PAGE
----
With a drink like this, so simple and with so few ingredients, always use fresh lemon juice. I tell people a drink is never better than its worst ingredient. Sometimes you can get away with a weak link, if it’s a bit player in the act. Here you can’t.

I recommend shaking for the Sidecar. It’s advisable for all drinks with fruit juices in them, to be sure everything distributes evenly. The bit of water from the melting ice also opens up the flavor of certain spirits, including brandy. All that said, you can stir this one without too much worry.

The eternal Sidecar question is, “Sugared rim?” The answer may be yes or no. Certainly you shouldn’t be afraid of it. The sugar is there to answer the sour of the fresh lemon. The drink works without it, but sometimes you’re in the right mood. If you’re worried you’ll look girly drinking out of a sugar-rimmed glass, stick to Old Fashioneds until you’re secure in your masculinity. The rest of you, keep reading.

To sugar a glass, pour some powdered or granulated sugar into a small dish or saucer. Please be sure your dish is larger than the glass you intend to coat, and your sugar isn’t in clumps. Chill the glass in the freezer for a few minutes. When you take it out, there will be condensation on it. Overturn the glass into the dish of sugar, and give it a few turns. The sugar will stick to the wet rim of the glass. Something similar may be accomplished by filling the glass temporarily with ice cubes to chill it, or by running a bit of lemon around the rim. So long as it’s wet, the sugar will stick.

This works any time you need to sugar a glass, or salt one, if you’re making Margaritas. Assuming all your dishes and glassware are clean, you can even return the leftover sugar to its container when you’re finished. Or revel in the decadence of pitching it. Up to you.

Martini

Martini

5 parts (1 1/4 oz.) Booths London dry gin
2 parts (1/2 oz.) Noilly Prat dry vermouth
Twist of lemon

Drink No. 2 in the rundown of Embury’s basic/classic cocktails is the Martini. If the Manhattan is the most accessible, the Martini is probably the least. Most people who drink “Martinis” or [word]-tinis would balk at the big glass of gin that is an actual Martini. The Herzog Cocktail School offers counter-instruction.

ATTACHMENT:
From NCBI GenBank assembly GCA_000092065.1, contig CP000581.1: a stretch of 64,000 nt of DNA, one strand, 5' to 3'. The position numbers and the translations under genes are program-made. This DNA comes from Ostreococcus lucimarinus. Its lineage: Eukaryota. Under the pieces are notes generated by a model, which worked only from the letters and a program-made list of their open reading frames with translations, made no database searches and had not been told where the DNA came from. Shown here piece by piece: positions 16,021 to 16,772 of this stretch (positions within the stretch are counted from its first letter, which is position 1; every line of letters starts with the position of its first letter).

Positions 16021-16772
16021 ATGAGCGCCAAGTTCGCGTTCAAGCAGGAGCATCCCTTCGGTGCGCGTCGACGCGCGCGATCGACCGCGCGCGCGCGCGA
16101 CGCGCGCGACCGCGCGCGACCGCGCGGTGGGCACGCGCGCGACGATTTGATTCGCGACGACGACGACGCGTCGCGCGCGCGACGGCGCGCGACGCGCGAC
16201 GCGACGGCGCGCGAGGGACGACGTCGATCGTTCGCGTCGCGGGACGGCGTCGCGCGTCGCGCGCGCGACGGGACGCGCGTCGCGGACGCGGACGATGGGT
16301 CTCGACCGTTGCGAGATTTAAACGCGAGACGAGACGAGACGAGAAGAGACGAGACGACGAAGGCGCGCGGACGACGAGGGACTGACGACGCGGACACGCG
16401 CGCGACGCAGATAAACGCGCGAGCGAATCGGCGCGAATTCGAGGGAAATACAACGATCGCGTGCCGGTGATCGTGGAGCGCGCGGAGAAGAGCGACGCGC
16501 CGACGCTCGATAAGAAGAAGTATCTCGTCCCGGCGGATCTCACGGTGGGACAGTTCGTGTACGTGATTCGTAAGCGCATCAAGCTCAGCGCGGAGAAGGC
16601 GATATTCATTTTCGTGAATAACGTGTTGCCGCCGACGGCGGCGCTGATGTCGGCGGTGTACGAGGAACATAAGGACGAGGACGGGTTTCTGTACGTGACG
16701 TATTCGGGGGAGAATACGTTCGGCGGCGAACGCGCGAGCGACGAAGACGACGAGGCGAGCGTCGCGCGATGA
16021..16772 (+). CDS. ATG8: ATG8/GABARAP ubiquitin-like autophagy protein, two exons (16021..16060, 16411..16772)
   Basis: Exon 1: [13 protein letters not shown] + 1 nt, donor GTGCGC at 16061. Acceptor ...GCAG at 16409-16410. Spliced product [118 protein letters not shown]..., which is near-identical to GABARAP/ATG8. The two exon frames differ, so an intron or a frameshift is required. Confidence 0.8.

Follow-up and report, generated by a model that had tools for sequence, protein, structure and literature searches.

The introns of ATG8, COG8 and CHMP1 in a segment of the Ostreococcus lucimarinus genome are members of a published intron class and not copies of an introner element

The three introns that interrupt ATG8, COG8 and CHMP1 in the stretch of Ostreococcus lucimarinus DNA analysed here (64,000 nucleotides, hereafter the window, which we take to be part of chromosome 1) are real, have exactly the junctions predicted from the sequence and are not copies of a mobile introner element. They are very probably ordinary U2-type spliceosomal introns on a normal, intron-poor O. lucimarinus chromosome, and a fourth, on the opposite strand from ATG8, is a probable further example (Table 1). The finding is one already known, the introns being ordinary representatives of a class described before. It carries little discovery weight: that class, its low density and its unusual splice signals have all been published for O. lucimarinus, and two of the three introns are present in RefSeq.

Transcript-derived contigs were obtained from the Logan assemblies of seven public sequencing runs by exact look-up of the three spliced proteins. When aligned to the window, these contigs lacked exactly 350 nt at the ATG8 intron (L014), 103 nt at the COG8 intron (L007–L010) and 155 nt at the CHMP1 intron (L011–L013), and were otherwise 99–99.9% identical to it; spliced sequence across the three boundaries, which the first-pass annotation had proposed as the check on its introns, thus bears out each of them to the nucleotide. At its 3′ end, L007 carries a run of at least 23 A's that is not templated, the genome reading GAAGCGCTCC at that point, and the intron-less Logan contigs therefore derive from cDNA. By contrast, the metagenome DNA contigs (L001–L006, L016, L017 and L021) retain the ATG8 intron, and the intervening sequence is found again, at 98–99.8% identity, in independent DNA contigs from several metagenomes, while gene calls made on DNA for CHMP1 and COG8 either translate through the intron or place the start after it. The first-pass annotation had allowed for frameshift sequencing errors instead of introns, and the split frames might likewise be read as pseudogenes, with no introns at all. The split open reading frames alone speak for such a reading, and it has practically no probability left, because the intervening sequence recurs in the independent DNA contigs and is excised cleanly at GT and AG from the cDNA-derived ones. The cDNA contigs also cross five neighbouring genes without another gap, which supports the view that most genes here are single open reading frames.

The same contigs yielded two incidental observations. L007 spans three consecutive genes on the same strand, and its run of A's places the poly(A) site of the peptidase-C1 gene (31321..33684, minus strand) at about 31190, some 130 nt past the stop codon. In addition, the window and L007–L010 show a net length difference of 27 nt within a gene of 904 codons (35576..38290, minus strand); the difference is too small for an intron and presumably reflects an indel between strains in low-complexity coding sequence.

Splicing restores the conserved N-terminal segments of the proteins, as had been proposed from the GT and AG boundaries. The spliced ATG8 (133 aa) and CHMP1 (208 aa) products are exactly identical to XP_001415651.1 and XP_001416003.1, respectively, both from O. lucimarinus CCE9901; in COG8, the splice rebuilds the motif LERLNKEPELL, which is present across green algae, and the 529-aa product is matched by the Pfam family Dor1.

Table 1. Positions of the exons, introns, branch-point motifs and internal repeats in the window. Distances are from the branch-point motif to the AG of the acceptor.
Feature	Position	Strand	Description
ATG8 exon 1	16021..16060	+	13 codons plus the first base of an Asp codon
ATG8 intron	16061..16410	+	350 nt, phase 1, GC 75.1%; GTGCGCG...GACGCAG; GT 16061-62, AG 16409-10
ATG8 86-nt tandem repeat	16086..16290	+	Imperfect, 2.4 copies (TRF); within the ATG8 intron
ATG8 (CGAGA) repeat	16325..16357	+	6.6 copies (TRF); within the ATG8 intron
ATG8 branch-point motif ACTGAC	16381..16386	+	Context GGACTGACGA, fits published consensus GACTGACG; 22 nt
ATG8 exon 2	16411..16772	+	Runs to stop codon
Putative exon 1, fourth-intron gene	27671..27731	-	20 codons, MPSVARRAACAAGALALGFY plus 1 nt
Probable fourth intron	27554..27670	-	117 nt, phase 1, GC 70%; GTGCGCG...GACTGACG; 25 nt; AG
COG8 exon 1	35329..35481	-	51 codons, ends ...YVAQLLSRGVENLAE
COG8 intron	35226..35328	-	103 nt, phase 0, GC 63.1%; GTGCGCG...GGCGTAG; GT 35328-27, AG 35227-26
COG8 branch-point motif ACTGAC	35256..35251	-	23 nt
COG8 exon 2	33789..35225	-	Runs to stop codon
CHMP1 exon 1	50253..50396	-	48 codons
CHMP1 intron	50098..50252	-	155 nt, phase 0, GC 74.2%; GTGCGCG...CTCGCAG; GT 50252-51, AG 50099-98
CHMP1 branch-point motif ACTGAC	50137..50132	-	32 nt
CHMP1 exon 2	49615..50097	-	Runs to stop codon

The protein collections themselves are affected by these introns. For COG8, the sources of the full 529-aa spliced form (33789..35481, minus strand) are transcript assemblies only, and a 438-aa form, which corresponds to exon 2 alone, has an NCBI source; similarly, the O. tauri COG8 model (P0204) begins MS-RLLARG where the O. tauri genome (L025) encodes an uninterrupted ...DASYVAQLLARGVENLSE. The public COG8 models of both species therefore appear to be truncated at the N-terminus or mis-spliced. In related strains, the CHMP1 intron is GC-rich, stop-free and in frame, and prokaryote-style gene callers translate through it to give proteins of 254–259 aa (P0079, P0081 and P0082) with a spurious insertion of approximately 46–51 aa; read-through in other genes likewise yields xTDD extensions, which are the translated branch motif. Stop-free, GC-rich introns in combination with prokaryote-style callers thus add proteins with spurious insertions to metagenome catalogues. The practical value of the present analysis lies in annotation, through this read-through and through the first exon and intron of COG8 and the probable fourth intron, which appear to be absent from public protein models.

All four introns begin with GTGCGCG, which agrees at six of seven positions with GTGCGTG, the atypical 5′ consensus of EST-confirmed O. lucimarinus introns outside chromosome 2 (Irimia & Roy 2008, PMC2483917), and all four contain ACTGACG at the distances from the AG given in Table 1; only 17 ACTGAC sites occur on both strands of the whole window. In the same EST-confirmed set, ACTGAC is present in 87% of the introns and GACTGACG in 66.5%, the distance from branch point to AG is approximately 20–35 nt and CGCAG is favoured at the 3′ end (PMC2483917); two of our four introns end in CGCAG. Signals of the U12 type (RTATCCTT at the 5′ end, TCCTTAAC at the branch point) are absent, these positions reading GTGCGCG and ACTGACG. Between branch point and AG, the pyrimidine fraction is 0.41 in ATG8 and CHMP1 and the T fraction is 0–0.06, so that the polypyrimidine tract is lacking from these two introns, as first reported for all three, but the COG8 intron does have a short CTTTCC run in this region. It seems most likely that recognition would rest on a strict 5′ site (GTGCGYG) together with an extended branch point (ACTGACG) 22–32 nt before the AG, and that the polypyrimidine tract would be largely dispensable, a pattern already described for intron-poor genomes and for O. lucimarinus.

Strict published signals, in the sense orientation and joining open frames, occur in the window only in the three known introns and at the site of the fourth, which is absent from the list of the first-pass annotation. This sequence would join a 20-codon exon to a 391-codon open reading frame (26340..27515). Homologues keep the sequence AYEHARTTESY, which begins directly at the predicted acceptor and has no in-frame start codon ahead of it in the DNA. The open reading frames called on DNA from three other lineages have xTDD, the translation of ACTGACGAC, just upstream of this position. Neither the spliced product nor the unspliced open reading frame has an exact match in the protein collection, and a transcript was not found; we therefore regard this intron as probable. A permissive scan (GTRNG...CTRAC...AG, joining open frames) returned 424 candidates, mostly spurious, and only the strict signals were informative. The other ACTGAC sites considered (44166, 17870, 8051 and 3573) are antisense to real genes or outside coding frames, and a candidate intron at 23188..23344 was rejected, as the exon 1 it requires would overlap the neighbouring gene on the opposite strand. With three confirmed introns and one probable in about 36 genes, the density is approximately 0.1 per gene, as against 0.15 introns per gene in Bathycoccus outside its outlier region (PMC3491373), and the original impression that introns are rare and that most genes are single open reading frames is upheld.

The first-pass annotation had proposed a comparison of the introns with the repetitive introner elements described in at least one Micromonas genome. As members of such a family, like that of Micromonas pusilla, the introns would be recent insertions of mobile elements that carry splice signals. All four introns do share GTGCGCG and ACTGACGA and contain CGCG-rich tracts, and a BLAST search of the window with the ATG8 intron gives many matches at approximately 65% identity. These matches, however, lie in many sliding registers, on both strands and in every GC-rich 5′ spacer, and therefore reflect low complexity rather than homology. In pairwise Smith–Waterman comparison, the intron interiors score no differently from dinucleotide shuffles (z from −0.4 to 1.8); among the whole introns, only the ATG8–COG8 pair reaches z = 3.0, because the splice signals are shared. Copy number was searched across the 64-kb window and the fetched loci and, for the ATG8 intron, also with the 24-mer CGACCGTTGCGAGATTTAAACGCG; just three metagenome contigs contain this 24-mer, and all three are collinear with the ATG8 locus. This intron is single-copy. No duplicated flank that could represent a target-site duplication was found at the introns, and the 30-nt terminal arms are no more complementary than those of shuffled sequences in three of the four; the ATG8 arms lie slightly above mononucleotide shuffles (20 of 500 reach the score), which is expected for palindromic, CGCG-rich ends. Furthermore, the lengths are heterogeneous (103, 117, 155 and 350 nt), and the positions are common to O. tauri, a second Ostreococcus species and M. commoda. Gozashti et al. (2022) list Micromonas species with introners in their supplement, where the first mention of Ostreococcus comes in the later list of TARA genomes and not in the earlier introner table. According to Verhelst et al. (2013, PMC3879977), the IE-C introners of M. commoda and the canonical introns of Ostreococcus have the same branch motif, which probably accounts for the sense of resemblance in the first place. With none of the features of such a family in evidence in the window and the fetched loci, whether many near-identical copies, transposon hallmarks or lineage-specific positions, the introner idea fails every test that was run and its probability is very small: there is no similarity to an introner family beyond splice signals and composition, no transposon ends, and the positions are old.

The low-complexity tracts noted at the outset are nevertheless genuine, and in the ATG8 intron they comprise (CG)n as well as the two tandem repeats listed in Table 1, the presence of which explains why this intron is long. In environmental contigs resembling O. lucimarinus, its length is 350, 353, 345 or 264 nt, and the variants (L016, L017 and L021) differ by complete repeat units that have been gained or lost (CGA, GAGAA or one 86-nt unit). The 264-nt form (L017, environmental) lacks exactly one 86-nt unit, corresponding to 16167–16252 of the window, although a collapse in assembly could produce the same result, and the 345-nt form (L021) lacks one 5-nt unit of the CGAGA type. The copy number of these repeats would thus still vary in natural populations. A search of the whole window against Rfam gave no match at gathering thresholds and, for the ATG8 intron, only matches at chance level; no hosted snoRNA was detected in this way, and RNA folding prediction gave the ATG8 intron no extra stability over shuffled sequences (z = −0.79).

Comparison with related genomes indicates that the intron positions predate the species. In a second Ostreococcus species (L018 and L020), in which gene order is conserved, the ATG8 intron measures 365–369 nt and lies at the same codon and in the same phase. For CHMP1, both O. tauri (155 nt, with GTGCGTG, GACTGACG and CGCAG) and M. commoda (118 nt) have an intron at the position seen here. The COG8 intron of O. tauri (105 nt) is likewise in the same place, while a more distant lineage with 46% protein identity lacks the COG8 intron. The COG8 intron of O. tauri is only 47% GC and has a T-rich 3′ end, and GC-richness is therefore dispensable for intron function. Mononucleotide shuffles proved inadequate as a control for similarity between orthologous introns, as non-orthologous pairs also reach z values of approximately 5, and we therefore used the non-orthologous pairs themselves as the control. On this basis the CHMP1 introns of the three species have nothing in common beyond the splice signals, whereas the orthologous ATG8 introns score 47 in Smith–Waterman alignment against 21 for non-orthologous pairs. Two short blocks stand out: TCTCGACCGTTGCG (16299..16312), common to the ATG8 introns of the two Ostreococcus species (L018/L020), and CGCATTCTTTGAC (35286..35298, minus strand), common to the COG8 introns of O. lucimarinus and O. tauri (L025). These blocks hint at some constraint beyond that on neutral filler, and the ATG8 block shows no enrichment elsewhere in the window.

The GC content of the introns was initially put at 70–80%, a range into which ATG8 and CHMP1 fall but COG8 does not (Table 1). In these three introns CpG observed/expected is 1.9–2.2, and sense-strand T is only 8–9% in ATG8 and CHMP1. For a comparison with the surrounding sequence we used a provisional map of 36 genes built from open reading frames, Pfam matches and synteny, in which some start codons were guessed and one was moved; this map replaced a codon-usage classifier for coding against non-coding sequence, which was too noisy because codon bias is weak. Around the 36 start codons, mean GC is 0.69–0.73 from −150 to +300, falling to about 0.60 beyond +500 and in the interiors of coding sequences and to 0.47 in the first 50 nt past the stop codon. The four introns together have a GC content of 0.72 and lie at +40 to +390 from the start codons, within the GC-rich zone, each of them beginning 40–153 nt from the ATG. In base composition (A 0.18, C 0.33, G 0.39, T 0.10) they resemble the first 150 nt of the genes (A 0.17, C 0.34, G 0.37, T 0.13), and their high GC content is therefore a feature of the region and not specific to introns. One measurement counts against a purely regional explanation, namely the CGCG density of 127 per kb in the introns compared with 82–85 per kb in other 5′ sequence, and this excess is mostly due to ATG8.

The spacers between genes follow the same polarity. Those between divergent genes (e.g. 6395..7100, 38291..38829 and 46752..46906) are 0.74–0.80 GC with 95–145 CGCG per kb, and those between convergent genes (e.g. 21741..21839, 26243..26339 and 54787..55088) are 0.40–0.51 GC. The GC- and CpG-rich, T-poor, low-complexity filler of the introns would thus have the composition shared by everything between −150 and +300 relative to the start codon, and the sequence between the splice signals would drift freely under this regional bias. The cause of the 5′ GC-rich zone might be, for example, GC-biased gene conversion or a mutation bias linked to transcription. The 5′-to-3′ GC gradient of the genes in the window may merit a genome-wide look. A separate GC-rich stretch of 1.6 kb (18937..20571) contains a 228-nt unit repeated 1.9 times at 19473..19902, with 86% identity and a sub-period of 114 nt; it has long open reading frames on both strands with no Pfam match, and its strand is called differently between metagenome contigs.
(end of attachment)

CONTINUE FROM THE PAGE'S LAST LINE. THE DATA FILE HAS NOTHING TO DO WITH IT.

There are many kinds of gin, with different production processes and resulting flavor palates. For the purposes of cocktail mixing, I find it useful to describe three types: dry, herbal, and neutral. Dryness is a flavor you become accustomed to when you drink a lot of gin. If you haven’t experienced it, “un-sweet” is probably the best footing to put you on. It tends to feel boozy, and heavy, relative to other gins.

Herbal gins are your Botanists and Hendrick’ses. They have a really powerful flavor of herbs and spices. “Botanical” is the more prevalent term among aficionadoes, but calling Botanist gin “botanical” doesn’t seem particularly helpful. Neutral gins don’t jump out either way. They may be slightly citric, a little sweet, or a little more juniper-y. They’re your most versatile base for gin cocktails.

Booths is not a neutral gin. It is a very dry gin, as will be anything labelled “London dry.” In a dry-gin Martini, you want to be very careful there’s enough vermouth to offer a counterpoint. In general, between 3:1 and 7:1 gin:vermouth is a reasonable proportion for the Martini, making our 5:2 a little off the vermouthy side. Trust me when I say the gin needed it. Cocktails are a game of balances.

The classic Martini question is not, in fact, “Vodka or gin?” but, “Olive or twist?” Another way to put this is, “Savory or sour?” Which direction to bring the drink in? The Martini has many cousins which wrestle with the same issue. I opted for the twist of lemon, chiefly because I had lemons but no cocktail olives. Both are valid. The lemon version is a crisper drink, the olive one heavier. Dirty Martinis, which incorporate the olive juice, are heaviest of all.

Incidental note: I haven’t got a citrus zester, unlike our friends at Don’t Blame the Gin. I improvised the twist you see there, by cutting a lemon in half, and shaving off the rind around the edge with the knife, cutting away any fruity bits when I was done. Not too shabby a job, if I say so myself.

What happened to the rest of the lemon, you ask? Check the next update to find out…

Old Fashioned

Old Fashioned

2 oz. Bully Boy American Straight Whiskey
1/2 or so tsp Demerara simple syrup
2 dashes Angostura bitters

The Old Fashioned is the original cocktail. When the word “cocktail” was coined, it referred to a combination of a spirit, sugar, water, and bitters. In the way that Sour, Flip, Fizz, Daisy, Fix, Crusta, and so on are drink categories characterized by particular formulas, so, originally, was Cocktail.